By Te Tiriti in te reo, they gave the Queen “te Kawanatanga katoa o ratou wenua” – the governance or government of their land.

By the Treaty in English, Māori leaders and people, collectively and individually, were confirmed in and guaranteed “the full exclusive and undisturbed possession of their Lands and Estates, Forests, Fisheries, and other properties . . . so long as it is their wish and desire to retain the same in their possession.”

By Te Tiriti in te reo, they were confirmed and guaranteed “te tino Rangatiratanga o o ratou wenua o ratou kainga me o ratou taonga katoa” – the unqualified exercise of their chieftainship – over their lands, settlements, and all their valued possessions.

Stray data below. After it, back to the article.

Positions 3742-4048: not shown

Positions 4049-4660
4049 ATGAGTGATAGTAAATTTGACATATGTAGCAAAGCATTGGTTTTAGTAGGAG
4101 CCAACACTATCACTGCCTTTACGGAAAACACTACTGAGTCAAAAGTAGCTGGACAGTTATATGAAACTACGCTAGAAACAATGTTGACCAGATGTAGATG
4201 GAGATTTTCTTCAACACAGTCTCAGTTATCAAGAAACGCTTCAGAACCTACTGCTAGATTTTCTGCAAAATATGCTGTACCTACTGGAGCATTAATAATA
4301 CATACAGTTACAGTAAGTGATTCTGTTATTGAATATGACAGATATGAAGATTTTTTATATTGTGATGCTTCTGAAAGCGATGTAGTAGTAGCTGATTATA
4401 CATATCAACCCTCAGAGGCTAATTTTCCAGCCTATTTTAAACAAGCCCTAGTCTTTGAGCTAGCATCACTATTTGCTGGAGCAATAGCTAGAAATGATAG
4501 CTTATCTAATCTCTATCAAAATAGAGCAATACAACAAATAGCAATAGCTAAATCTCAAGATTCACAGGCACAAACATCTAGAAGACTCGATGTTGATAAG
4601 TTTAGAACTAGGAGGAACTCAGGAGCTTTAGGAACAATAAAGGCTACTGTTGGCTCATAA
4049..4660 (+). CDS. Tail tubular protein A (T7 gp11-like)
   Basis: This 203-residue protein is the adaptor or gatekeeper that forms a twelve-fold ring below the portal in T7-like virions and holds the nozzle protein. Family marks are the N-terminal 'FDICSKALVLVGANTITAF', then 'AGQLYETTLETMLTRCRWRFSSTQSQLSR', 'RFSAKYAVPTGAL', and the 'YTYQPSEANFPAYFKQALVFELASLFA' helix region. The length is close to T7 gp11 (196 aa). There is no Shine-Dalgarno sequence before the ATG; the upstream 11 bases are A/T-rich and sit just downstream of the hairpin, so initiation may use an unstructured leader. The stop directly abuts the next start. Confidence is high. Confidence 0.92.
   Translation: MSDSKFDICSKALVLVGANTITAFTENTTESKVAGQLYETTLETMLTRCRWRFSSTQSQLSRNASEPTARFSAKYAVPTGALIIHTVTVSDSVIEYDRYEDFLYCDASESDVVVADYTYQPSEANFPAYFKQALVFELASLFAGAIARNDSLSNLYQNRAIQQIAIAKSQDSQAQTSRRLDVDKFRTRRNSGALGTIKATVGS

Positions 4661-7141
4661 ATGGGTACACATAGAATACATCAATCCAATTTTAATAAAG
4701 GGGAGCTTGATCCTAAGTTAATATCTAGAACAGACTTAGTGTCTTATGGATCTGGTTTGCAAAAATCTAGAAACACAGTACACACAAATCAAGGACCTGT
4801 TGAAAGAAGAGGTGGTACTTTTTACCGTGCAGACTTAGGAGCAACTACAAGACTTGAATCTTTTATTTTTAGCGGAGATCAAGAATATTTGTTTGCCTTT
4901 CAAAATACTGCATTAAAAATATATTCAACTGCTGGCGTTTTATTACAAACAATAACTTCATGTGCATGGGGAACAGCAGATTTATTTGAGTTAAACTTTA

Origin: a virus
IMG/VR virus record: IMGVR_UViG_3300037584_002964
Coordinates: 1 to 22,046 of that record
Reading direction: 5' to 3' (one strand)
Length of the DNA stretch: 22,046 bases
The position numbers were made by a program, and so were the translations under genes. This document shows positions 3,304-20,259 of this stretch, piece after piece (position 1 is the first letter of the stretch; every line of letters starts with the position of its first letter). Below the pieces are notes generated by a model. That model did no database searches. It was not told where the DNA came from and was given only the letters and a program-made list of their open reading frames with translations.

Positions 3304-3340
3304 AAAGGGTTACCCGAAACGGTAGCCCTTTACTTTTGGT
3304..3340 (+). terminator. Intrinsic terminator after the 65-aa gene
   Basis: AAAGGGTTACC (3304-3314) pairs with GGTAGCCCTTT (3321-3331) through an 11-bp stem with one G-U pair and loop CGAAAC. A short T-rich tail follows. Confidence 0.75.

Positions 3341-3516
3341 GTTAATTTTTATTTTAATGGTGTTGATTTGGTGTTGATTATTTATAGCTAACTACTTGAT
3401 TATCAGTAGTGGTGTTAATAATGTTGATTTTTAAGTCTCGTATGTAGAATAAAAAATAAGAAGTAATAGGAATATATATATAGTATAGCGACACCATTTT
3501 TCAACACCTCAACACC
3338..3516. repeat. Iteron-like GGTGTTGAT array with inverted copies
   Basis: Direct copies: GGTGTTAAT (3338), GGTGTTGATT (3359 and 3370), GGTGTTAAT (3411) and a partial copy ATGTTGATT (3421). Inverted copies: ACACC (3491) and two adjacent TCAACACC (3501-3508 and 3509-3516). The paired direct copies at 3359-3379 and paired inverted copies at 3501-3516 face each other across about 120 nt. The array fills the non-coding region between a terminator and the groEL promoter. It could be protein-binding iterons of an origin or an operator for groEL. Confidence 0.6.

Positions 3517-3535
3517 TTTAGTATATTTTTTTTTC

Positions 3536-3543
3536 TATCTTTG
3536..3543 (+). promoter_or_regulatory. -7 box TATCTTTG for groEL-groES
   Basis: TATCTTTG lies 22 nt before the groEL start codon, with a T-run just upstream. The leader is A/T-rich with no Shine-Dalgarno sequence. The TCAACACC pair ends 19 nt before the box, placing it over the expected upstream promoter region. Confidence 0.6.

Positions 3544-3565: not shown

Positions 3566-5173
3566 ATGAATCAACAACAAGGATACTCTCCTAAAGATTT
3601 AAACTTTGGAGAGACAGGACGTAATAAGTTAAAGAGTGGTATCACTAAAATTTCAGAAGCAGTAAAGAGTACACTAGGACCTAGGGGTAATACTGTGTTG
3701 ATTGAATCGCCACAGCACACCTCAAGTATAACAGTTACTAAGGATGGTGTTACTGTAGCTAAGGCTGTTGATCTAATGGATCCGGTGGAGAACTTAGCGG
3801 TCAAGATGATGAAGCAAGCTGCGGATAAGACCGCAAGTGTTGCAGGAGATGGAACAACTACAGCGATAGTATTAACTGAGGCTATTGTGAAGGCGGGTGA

The Treaty in English extended to Māori the Queen’s “royal protection and imparts to them all the Rights and Privileges of British Subjects.”

By Te Tiriti in te reo, in consideration of the agreement to the government of the Queen, the rights and privileges of British subjects – “nga tikanga katoa rite tahi ki ana mea ki nga tangata o Ingarani” – were extended to all the Māori of New Zealand.